With over 70,000 professional computer hardware engineers and over 20 ABET-accredited degree programmes, it’s easy to take computer engineering as a profession in its own right for granted. Yet information as to its origin remains scarce. Armed with that scare information available, we’re going to look here at the early history of the subject.
Engineers and early modern computing
Electrical engineers were in a good position to take on key roles in the early computing period. At the time, electrical engineering established close relationships with theology, theory domains, and application that would go on to prove relevant for digital computing. These trends were written about by David Mindell between the 1910s and mid-1940s, as well as by Atsushi Akera in the 1930s.
As the authors noted, communication and contour engineers made numerous theoretical contributions that proved fundamental to modern computing. Skills and knowledge in electrical engineering were also used to develop and improve such devices as electron tubes that would go on to be used in digital computers.
Other engineers, however, had no choice but to find ways around problems with modelling and simulation, which resulted in them being forced to explore new areas of numerical analysis while also looking at innovative calculating devices and methods.
Hybrid actors, multiple fields
That explains why the early history of modern computing saw the involvement of those with experience and backgrounds in electrical engineering. Building the very earliest digital computers, however, called for a number of various fields of knowledge and skills, which is why there were a number of hybrid actors with experience in multiple fields.
Paul Edwards made the point that the stored-program electronic computer was a representation of a convergence of machine logic (aka software) and machine calculation (aka mechanical) traditions, with the former largely associated with maths and formal logic and the latter with technology and engineering. James Cortada believed that combining the two traditions meant that the physicist had to collaborate with the mathematician and the engineer had to collaborate with the electrician.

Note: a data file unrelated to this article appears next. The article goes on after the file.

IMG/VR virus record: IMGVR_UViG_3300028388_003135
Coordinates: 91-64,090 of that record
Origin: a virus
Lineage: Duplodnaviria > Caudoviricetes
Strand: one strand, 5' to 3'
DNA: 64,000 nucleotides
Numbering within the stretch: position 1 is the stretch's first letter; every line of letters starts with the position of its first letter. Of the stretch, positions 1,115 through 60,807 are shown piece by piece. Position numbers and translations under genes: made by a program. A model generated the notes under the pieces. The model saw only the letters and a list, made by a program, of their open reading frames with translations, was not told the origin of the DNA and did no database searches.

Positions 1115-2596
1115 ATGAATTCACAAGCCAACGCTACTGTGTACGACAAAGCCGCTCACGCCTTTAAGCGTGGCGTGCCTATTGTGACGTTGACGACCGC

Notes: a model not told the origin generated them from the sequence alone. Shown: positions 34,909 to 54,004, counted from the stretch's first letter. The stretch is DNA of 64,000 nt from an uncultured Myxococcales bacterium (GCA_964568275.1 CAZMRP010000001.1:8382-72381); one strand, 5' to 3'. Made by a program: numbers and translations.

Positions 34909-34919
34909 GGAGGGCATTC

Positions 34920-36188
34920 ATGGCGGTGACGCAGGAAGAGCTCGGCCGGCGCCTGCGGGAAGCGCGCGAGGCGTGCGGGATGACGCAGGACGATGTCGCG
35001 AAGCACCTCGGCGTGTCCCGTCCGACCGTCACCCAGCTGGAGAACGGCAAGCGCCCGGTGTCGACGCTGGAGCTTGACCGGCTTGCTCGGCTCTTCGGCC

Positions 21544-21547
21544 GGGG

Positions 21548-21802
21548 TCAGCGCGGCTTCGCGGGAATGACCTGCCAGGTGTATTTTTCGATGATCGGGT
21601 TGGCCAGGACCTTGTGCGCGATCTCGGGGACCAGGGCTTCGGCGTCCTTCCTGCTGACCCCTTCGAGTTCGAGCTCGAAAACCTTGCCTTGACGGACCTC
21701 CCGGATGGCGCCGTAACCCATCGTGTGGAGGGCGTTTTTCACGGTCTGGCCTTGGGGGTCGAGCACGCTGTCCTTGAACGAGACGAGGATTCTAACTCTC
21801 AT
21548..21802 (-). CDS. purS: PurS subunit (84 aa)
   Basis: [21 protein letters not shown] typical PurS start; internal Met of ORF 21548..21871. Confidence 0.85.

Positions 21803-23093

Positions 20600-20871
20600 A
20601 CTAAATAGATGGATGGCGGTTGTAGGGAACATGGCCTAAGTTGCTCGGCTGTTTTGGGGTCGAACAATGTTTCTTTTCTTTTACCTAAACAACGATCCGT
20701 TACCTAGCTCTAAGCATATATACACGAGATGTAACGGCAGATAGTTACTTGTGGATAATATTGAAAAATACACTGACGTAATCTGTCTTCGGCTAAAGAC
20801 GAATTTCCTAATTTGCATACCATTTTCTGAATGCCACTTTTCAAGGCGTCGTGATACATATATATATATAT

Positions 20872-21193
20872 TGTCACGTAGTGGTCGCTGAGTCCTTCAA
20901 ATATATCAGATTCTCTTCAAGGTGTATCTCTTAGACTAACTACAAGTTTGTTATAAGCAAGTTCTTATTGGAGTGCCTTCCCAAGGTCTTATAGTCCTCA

Clarity needed in jurisdictions
It was less clear, however, when it came to the length of the jurisdiction of these fields regarding how far they would extend as computers developed, never mind what their relative position and status would be to each other.
The prominence of these issues was clear in many of the earliest digital computer projects, which largely took place in universities in the 1940s and 50s. The early development of the Princeton Institute of Advanced Studies (IAS) machine and the Harvard Mark computers suggested a particular model for the organisation of knowledge in the field, with mathematicians and scientists having key roles to play and with engineering and engineers left with bit-part roles.
There was a different hierarchy on display, however, at Massachusetts Institute of Technology’s Servomechanisms Laboratory and Pennsylvania’s Moore School of Electrical Engineering, with electrical engineers having a far larger role to play in the development of the Whirlwind and ENIAC computers.